A single Green Sandpiper and at least 10 Little Gulls rounded off the Lintutorni list as we returned to the main car park with its singing Pied Flycatchers, Yellowhammers, Reed Buntings and superb Ortolan Bunting. However the former Yellow-breasted Bunting population here has declined to just one male singing in 2003 and we had no sight or sound of it on our two visits.

Markku then suggested that although it was now almost 0900, we might like to try for a glimpse of the breeding Terek Sandpipers at Oulu Oilport, to where there was no longer any access in case of unholy disturbance from the local Birding Club. He explained that they mostly feed around forestry flotsam and jetsam, industrial logging operations and such, and like Purple Sandpipers are very difficult to see.

Needless to stay we didn't, but along with the very weird sight, even for Finns, of a cuddly Giant Panda suspended on a nearby gallows, we did see our only Little Tern for the trip, Turnstone (2); Ringed Plover (10); Temminck's Stint (3); Shelduck (2); plus our first drake Long-tailed Duck, Robin and Tree Pipit.

Now for the owls said Markku on our return to our trusty VW Transporter and at 1030, somewhere near Ylikiiminki, we were all enthralled by the sight of four young Pygmy Owls, being sat upon by their perfectly relaxed mother. Many photos, all exactly the same were taken and then we trudged happily back to the van, disturbing a Green Hairstreak butterfly on the way. Black Woodpeckers at their nearby nesthole with two vociferous young were soon giving us great views as midday saw us arriving at a guaranteed Tengmalm's Owl site somewhere around Jokikylä. Well at least they were the day before when the three young had been in the nestbox, but when we had arrived they had flown. Luckily Markku soon located one young bird nearby and eagle-eyed JW, found another on an adjacent tree. We all had superb views.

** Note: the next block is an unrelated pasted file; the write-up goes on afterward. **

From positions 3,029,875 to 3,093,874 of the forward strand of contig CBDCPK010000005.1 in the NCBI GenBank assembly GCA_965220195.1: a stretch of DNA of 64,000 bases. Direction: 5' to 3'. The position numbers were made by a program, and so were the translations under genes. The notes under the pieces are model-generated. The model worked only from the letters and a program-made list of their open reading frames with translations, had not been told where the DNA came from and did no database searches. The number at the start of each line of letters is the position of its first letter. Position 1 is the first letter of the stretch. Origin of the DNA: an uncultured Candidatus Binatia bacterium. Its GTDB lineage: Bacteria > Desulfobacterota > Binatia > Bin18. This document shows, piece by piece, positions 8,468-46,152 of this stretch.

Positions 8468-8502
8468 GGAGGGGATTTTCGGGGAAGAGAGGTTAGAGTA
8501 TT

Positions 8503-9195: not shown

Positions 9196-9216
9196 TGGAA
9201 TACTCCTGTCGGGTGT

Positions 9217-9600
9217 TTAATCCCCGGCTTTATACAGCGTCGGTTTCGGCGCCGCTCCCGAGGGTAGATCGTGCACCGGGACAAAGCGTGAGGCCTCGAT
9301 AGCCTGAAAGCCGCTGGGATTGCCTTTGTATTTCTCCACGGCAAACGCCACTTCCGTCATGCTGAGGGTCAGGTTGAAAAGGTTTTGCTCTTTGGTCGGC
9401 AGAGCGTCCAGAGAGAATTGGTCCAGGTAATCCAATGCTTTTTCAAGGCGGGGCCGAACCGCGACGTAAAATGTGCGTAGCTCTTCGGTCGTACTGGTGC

Pehr Gustav Tengmalm (1754-1803) was born in Stockholm on 29 June 1754 and although the family was poor his parents made sure he had a good education. He studied medicine at Uppsala University and found time to study birds, Tawny Owl (strix aluco) in particular and published a paper called utkast til uggelslägtets, i synnerhet de svenska arternas, naturalhistoria in 1793.

J.F.Gmelin named the owl strix Tengmalmi in 1788, believing Tengmalm had been the first to distinguish it, but it had been described and colour plates drawn of it by Olof Rudbeck of Uppsala, who sent them to Linnaeus in 1746, even before Tengmalm was born. So really it should be called Rudbeck's Owl and anyway most of Scandinavia/ and Russia knows it as the 'Pearly Owl', which is a much better description.

An hour later we were cautiously approaching a nest site for Ural Owl, known in Sweden as the Slaguggla, (the Punch or Hit Owl) for very good reason. Enraged parents go for your eyes first, especially when their young are about to fledge and fully-sighted Ural Owl ringers who wish to remain that way, only approach their nest sites in fully padded combat gear, gauntlets and motorcycle helmets with the visor firmly snapped down over their faces. So you can imagine our trepidation as we looked at the two young birds in their classic many holed 'chimney' nest, from a very respectful distance.

Obviously this pair were 'wimps' as no attack materialised, nor did an enormous adult respond as it glided away from us at the edge of the clearing. What a bird; what a day.

On the road again at 1500 we headed for our overnight stop just north of Kuusamo, stopping off to stretch our legs beside a beautifully tranquil bog and lake. 'Grey-headed' Yellow Wagtail; Green and Wood Sandpipers; a pair of Goldeneye with five chicks and two Greenshanks entertained us in the early evening light, as once more we thanked our lucky stars for deciding to come to this wonderful country.